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Get more “bang for your buck” with generic medicines

01 November 2011 Dr Tumi Seane, Sechaba Medical Solutions

The Department of Health and Council for Medical Schemes have expressed displeasure at the inflation-plus annual increases in South Africa’s healthcare space. That’s why they’ve embraced the cost and benefit improvements that generic medicines offer...

The cost of medicine has been singled out as a major contributor to the inflation-plus medical aid contribution increases announced each year. Dr Tumi Seane, Managed Care Services Executive at Sechaba Medical Solutions, says generic medicines can be used to curb costs and assist members in getting the most from their medical scheme benefits. Generic medicines are cost-effective copies of original brand-name drugs – and they’re growing in popularity.

A profit guarantee

Why are generic medicines so much cheaper! It takes millions of rand to research and develop a new drug. In order to recover from the financial investment governments award pharmaceutical manufacturers a 10 to 17-year patent for exclusive research and development (R&D) of new drugs. The patent prohibits other pharmaceutical companies from “copying” the drug during that time frame. This process ensures the profitability of new drugs and encourages pharmaceutical manufacturers to continue their R&D work.

“After the patent period expires, other companies can manufacture medication with the same active ingredient and in the same form, creating a generic medicine,” says Seane. “The generic drug is more affordable because the manufacturer bypasses the development costs.” All generic medicines have to be registered with the Medicines Control Council to ensure that effectiveness and quality match the original brand product.

Same drug at half the price

It is important that all stakeholders understand that generic medicines offer similar quality and effectiveness to the mainstream product… Under no circumstances is quality compromised to generate a quick profit. Even so, doctors can prescribe generic drugs that cost 50% to 60% less than the brand-name equivalent.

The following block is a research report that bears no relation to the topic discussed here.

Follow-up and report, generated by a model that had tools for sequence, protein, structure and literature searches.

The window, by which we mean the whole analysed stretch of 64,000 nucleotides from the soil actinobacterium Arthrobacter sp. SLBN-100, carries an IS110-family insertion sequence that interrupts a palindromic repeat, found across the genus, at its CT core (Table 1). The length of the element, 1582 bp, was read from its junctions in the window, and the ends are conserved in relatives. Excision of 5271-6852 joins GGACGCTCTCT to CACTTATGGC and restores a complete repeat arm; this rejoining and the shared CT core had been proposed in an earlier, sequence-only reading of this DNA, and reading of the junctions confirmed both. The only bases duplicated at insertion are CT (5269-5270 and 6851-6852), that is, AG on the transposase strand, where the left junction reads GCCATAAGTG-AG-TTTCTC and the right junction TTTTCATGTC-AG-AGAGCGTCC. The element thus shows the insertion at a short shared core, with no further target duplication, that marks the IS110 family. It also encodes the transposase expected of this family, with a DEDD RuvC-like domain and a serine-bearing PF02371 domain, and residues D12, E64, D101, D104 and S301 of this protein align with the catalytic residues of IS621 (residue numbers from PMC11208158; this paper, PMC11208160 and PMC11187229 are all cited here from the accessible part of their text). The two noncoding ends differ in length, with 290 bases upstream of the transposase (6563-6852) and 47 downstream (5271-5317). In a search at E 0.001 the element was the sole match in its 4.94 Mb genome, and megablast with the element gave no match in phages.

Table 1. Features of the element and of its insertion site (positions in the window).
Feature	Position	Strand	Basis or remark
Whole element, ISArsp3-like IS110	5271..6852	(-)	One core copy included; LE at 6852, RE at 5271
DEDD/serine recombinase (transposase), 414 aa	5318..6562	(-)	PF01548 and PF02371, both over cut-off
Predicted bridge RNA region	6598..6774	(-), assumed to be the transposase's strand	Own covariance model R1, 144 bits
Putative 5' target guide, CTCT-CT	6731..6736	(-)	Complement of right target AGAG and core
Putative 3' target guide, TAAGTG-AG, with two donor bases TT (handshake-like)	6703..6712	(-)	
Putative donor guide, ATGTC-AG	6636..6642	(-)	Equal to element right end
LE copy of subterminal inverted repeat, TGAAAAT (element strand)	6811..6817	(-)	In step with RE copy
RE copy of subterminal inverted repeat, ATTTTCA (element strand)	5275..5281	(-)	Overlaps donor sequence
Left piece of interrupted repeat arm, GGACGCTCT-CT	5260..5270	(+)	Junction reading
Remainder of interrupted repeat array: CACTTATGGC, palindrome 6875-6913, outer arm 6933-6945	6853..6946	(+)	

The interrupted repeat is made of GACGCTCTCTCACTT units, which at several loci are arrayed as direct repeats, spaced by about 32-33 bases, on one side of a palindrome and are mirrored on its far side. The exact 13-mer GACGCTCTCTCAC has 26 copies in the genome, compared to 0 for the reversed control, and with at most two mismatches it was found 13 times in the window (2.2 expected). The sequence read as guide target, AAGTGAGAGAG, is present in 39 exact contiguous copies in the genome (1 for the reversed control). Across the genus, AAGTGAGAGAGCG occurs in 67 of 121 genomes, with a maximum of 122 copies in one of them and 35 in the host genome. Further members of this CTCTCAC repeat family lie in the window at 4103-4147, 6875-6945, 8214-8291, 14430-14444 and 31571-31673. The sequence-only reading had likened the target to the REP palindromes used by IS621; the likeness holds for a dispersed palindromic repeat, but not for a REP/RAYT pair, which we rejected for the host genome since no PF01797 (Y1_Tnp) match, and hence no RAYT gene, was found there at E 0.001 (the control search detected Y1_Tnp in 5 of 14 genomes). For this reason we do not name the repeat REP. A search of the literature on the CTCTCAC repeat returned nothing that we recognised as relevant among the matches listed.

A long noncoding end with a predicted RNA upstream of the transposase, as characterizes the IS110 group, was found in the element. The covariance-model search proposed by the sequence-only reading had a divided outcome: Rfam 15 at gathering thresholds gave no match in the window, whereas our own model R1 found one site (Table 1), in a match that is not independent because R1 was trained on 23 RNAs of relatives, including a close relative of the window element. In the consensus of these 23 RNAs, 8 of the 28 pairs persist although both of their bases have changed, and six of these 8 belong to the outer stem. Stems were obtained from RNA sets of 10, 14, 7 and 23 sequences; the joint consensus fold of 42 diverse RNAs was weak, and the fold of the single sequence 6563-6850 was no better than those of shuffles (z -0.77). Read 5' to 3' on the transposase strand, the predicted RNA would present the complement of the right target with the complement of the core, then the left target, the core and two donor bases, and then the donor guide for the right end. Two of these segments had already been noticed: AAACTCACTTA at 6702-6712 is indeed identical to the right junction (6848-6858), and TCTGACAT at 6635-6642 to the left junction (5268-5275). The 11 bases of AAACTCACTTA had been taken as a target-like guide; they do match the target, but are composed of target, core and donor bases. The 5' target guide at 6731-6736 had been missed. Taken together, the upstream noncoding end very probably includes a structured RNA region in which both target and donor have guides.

While the clinical benefit is usually identical, the financial benefit of the use of generics to the scheme and its members is substantial. “From an administration perspective, medicines account for up to 20% to 25% of healthcare costs for medical schemes. The savings that schemes see as a result of the use of generic medicines allow for more benefits to be passed on to members. Nowadays where a member chooses to use a brand name instead of the generic they are responsible for the difference in price – a standard practice for most medical aid schemes in South Africa,” he says.

Gaining popularity

The use of generics also results in price competition between generic medicine manufacturers, leading to lower prices for similar product! As they gain in popularity these drugs are increasingly found on the formulary drug list which is used at design stage for care plans and treatment protocols.

While the financial benefits are real, Seane believes communication regarding these benefits is essential to promote the use of generics. He says that administrators and schemes are in regular communication with pharmacies, medical practitioners and members about the benefits of generics in a drive to increase usage. “The benefits of generics are significant and can make an impact on the bottom line for members and schemes. It’s up to administrators and schemes to communicate these benefits to decision-makers in order to see a shift in associated costs,” he concludes.

Cutting costs together

Medical administrators, schemes and government are hard at work to reduce the costs of providing healthcare in South Africa. Companies such as Sechaba wholeheartedly support the use of generic medicines where a generic equivalent is available, provided the drug is clinically suitable for the treatment of the particular illness, both in and out of hospital.

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